For more than forty years, Sally Mann (born 1951) has been taking hauntingly beautiful experimental photographs that explore the essential themes of existence: memory, desire, mortality, family, and nature's overwhelming indifference towards mankind. What gives unity to this vast corpus of portraits, still lifes, landscapes and miscellaneous studies is that it is the product of one place, the southern United States.
Sally Mann was born in Lexington, Virginia. Many years ago she wrote about what it means to live in the South; drawing on a deep love for that area and a profound awareness of its complex historical heritage, she raised bold, thought-provoking questions – about history, identity, race and religion – that went beyond geographical and national boundaries.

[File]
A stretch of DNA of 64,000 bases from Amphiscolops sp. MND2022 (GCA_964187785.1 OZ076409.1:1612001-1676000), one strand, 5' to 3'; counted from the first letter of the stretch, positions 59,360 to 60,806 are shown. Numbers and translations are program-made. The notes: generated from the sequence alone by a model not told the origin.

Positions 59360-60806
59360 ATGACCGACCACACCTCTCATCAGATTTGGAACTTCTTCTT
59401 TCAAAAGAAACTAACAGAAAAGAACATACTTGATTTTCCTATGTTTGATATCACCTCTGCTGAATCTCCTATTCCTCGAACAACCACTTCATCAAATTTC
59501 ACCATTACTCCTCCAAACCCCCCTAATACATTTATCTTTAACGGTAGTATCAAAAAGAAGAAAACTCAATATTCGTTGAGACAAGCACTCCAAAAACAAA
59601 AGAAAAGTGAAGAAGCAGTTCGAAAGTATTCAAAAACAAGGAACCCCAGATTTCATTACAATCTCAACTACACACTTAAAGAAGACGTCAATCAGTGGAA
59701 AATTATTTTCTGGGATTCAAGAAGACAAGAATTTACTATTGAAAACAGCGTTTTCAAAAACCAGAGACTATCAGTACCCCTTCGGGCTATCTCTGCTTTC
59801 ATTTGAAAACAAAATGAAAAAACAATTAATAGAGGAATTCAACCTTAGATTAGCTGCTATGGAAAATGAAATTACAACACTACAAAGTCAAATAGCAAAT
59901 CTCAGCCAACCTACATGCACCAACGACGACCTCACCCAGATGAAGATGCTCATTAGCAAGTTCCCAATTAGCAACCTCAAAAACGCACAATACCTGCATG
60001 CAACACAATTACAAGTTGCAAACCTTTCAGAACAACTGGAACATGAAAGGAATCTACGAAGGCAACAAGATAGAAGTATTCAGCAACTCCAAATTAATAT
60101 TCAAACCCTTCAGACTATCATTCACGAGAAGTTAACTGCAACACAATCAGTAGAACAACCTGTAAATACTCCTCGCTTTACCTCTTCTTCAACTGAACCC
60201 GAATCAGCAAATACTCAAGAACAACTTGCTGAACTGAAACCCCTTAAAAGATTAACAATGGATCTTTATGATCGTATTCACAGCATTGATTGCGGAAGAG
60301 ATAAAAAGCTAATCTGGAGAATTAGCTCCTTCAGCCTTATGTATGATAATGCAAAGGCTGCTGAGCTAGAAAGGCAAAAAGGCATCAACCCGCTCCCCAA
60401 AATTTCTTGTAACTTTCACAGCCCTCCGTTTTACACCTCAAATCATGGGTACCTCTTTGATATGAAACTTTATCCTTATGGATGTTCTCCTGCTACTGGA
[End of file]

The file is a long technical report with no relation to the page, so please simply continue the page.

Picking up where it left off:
This exhibition is the first major retrospective of the eminent artist's work; it examines her relationship with her native region and how it has shaped her work. The retrospective is arranged in five parts and features many previously unknown or unpublished works. It is both an overview of four decades of the artist's work and a thoughtful analysis of how the legacy of the South – at once, homeland and cemetery, refuge and battlefield – is reflected in her work as a powerful and disturbing force that continues to shape the identity and the reality of an entire country.